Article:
Jewels of Colonial Architecture. The convents, temples and chapels of Yucatan form an important part of the historical and cultural legacy of the state. Built on the order of the nuns who settled here to evangelize the natives, they make for an interesting adventure while exploring the heart of Yucatan.
Uman – “Noisy path”. Here one can visit the magnificent parish of San Francisco. Once a XVI century Spanish Convent of immense proportions, the entrance is a quarried stone with three attractive oval arches and square columns positioned in pairs. You can spend some time in the market, or take an eco-taxi around the town.
Muna – “New Water”. This town houses the XVII century temple and convent of the Ascension, interesting for their lateral belfries, with three main parts finished off with a pine nut.
Oxkutzcab – “Place of the Ramon, Tobacco and Honey” was founded by a group of Maya Xiu after abandoning the city of Many. The temple of San Francisco de Asis was begun in 1581 and finished in 1699, according to the dates on the façade.
Inside, the altarpiece stands out with is spiraling columns and niches with sculptures. To one side is the cloister. A visit to the market to try the juicy exotic fruits will explain why Oxkutzcab is the “Orchard of Yucatan”.
Mani – “It All Happened,” was the place where Fray Diego of Landa ordered the burning and destruction of many Maya documents and statues during the Franciscan movement to convert the Indians to Christianity. Once a religious site of great importance, it still conserves some imposing examples of its enigmatic past, like the magnificent temple of the Convent of Saint Michael the Archangel dating back to 1549.
Another attraction is the open chapel, the first of its kind in the Yucatan and rivaling the temple itself in size. Behind the stately convent murals, the old orchard and the remains of the ancient waterwheel can be seen.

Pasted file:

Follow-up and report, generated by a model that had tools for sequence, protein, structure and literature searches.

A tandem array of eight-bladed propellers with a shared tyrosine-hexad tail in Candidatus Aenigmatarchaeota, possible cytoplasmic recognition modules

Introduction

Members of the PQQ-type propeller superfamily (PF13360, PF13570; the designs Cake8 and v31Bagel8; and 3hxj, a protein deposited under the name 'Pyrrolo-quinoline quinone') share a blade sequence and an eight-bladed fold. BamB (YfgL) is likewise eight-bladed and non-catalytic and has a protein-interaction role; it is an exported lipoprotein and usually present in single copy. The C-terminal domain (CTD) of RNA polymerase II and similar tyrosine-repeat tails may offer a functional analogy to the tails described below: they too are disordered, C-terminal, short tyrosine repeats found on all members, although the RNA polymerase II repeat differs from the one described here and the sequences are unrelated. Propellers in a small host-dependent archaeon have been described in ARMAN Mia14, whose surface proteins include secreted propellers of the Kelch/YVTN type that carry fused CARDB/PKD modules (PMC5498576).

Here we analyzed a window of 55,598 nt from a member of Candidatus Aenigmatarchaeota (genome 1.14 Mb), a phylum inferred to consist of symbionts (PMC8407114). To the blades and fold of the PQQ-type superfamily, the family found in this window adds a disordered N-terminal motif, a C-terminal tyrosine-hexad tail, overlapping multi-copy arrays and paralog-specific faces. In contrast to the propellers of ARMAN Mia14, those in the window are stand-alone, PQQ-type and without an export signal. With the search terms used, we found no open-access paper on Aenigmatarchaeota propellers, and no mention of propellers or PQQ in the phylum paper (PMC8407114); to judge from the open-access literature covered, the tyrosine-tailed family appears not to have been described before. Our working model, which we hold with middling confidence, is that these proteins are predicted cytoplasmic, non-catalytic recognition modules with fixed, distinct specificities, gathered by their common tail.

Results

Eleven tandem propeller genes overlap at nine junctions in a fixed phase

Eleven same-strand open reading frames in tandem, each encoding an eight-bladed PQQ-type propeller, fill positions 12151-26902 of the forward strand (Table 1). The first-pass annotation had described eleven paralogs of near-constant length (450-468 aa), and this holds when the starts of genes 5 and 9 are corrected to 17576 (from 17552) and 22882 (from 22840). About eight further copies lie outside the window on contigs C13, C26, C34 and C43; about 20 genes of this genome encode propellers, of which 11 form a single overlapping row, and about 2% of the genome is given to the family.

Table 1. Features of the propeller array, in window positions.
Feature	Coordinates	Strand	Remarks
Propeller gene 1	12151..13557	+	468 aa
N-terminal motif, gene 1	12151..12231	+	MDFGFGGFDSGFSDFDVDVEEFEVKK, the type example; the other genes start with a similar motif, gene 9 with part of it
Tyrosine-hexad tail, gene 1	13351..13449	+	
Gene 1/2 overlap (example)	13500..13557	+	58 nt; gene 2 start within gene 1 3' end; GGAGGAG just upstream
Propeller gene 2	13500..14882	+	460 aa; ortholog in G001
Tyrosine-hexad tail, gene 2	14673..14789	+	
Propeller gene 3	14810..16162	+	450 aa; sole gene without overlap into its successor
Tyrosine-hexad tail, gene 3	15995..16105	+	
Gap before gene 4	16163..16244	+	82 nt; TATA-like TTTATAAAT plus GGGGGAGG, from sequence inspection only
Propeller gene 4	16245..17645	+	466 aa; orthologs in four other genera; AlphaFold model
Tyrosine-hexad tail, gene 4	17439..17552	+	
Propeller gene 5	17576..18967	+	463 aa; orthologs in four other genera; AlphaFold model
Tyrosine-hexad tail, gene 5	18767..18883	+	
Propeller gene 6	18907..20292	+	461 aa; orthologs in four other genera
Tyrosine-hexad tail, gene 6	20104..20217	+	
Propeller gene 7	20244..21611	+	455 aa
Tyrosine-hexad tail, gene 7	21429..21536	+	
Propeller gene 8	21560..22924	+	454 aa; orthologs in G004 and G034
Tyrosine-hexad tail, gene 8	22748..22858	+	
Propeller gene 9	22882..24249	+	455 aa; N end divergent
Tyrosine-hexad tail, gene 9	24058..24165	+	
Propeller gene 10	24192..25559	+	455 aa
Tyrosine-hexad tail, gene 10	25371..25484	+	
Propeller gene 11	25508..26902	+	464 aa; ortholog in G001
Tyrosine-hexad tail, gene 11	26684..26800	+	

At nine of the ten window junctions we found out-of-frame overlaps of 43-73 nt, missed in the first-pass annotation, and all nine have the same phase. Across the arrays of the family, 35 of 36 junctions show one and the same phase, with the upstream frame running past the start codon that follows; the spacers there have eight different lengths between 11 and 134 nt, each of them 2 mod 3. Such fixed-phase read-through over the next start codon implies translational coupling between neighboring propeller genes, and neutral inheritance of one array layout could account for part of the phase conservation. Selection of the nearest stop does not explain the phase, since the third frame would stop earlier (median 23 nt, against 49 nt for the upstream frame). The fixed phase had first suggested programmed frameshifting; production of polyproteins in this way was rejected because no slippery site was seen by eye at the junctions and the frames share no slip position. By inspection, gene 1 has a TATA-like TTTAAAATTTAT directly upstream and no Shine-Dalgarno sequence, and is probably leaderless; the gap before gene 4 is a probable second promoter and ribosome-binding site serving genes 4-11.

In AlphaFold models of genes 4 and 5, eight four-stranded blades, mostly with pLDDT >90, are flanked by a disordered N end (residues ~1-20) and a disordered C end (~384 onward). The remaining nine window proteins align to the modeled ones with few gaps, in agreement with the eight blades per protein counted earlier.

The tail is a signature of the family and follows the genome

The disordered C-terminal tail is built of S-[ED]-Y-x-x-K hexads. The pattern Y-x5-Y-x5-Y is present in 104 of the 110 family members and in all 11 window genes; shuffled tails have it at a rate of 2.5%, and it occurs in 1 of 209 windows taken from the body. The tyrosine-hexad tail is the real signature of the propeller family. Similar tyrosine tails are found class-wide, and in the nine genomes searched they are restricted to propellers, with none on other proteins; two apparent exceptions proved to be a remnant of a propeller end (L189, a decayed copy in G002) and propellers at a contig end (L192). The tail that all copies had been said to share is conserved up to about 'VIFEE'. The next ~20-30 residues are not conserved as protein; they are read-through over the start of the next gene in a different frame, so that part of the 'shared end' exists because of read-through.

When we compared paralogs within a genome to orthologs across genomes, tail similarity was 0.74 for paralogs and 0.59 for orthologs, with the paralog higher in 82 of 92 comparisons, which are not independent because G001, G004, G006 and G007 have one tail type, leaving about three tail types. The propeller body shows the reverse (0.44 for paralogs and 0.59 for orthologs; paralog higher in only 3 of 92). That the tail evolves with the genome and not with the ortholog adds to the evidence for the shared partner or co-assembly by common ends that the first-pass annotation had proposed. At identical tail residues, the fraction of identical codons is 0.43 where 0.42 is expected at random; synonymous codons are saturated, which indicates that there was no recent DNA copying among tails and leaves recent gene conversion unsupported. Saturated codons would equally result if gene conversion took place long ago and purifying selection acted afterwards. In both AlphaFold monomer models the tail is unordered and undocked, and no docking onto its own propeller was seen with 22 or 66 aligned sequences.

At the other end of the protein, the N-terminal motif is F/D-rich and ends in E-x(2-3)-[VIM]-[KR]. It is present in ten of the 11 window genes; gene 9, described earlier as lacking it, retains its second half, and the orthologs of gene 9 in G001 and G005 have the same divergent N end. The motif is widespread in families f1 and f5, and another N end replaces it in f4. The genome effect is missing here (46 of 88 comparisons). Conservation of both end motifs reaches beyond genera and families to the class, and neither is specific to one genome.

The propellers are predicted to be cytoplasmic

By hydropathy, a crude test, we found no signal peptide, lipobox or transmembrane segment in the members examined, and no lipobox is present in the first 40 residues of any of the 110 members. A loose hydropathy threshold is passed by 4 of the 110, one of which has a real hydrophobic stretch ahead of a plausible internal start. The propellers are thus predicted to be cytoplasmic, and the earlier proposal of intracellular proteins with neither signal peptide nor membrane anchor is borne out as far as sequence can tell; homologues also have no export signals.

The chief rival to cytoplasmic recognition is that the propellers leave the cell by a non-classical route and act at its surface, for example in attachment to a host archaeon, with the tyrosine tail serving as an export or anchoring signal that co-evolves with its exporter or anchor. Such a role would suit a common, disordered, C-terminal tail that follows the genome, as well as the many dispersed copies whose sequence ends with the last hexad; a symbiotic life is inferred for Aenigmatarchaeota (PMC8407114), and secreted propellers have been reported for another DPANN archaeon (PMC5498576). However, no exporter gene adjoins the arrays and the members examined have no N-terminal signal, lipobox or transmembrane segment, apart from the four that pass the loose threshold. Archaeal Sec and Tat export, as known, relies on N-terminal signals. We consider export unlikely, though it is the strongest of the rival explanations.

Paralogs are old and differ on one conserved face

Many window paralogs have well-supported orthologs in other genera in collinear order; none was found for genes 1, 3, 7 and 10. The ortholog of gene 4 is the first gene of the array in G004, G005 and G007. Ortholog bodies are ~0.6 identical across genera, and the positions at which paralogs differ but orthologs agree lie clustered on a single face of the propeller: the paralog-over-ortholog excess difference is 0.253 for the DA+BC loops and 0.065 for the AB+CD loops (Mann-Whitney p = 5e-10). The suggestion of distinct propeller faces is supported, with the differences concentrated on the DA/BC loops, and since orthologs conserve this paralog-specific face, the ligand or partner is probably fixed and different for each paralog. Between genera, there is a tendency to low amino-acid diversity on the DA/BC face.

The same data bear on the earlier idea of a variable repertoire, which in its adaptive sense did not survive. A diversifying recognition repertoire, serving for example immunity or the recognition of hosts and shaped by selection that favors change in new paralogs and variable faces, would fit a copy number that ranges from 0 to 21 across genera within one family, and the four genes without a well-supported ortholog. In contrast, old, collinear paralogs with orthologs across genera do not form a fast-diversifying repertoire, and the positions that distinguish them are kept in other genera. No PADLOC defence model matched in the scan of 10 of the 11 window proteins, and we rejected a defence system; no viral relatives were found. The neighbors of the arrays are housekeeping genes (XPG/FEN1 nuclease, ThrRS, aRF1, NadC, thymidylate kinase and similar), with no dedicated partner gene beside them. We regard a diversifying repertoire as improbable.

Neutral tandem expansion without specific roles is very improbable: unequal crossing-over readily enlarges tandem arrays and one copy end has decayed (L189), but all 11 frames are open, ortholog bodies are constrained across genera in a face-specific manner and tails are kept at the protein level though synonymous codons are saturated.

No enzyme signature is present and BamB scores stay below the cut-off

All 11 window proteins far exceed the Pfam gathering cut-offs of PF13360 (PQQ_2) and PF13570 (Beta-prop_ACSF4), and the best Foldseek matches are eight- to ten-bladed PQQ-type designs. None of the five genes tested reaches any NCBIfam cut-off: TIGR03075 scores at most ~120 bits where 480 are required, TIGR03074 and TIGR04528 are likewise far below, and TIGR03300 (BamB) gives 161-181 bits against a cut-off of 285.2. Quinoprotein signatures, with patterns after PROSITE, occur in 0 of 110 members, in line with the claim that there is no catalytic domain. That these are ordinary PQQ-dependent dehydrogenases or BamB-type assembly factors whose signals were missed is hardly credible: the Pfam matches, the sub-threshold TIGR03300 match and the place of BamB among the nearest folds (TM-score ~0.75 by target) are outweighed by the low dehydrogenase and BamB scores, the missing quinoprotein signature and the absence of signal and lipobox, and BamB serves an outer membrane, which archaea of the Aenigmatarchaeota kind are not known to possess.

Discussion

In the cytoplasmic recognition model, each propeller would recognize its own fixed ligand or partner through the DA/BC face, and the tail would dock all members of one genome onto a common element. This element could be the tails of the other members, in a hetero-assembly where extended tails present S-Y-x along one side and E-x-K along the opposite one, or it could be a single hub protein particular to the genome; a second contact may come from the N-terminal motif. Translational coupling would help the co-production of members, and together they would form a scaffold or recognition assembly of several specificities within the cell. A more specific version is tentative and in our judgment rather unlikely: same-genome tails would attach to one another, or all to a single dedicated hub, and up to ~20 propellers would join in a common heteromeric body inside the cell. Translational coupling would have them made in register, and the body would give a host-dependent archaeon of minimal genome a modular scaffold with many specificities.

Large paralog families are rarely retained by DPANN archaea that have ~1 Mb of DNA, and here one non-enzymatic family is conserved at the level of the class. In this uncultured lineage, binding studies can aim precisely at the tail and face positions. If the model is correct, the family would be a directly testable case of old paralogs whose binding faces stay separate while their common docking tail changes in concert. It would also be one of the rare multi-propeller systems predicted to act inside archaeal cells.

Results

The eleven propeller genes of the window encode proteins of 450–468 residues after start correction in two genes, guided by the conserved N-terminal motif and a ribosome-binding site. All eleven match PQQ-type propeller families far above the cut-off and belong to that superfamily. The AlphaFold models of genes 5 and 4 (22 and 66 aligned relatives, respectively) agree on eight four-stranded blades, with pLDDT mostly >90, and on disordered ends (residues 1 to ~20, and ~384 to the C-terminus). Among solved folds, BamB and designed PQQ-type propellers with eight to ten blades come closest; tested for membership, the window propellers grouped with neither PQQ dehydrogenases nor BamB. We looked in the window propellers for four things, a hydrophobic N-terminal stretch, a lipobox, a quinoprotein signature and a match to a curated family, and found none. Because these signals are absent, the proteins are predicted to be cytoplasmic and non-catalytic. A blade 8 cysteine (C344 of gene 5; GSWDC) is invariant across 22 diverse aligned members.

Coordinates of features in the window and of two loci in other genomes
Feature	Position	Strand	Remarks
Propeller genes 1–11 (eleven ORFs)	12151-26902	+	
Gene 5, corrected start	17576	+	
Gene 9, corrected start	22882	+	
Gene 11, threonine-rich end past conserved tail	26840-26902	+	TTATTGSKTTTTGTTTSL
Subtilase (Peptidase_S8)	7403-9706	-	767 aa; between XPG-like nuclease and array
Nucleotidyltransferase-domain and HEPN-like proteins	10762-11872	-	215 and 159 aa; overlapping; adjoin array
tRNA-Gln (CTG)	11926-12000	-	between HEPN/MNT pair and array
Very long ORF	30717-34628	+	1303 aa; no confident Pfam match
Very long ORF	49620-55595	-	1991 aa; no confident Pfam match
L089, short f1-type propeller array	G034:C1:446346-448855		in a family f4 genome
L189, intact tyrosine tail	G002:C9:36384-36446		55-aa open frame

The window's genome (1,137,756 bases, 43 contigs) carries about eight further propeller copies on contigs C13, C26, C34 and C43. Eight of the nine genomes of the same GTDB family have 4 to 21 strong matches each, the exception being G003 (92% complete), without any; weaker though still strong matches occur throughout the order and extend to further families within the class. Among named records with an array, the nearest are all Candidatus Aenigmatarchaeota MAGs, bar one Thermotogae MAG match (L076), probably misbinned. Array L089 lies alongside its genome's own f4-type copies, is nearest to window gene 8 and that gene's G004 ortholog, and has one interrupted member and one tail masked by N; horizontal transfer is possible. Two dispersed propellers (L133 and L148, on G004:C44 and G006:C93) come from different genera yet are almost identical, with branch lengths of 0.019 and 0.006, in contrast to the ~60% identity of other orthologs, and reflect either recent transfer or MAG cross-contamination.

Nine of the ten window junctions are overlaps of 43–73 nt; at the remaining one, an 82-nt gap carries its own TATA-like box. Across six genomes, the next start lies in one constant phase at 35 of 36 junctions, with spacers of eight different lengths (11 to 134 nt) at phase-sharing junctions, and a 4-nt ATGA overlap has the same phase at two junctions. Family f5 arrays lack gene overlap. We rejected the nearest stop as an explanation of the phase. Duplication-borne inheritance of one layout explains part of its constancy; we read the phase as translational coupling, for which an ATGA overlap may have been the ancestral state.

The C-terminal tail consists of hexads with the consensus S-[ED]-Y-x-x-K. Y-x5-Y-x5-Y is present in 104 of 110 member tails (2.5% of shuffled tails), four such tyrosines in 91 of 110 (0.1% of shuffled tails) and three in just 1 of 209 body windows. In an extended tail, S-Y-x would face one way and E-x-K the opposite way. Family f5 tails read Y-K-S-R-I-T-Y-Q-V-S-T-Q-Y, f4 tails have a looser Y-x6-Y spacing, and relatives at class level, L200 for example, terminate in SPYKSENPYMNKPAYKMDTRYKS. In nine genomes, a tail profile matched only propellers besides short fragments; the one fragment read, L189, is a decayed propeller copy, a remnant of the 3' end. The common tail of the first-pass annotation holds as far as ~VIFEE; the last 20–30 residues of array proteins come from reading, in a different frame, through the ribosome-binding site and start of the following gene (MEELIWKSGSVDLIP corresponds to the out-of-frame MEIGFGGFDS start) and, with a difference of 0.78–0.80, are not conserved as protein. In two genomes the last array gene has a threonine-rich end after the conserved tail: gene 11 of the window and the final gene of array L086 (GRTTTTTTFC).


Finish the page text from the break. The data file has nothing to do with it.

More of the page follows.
Teabo – Known for two sacred buildings, the Church and ex-Convent of Saint Peter and Saint Paul, built during the XVII century. The altarpiece has a striking pair of columnar figures and the Indian Chapel bearing back to 1617.
Chumayel – “Place of the Seeds” and cradle of the “Chilam Balam”, the sacred book of the Maya. The Temple of the Immaculate Conception was built in the XVI century and is a fine example of medieval religious architecture with battlements, brought to Yucatan by the first Spaniards. Of special interest is the black, wooden Christ in the interior of the temple.
Mama – The Franciscan temple and ex convent was founded in the year 1612 and is graced by a beautiful belfry at the front. The enclosed courtyard is one of the most famous in the region. Towards the back there’s a lovely garden with a waterwheel niches with saints.
Tekit – A prosperous town where the Parish Church of San Antonio de Padua has an image of a saint in each corner. The Church looks like a museum and the altar is quite simple.
Tecoh – Site of a church and convent dedicated to the virgin of the Assumption. Built over the base of a Maya pyramid, the church has a large amount of carved stone, an impressive altar and many paintings. In addition, numerous handcraft made local craftsmen are available.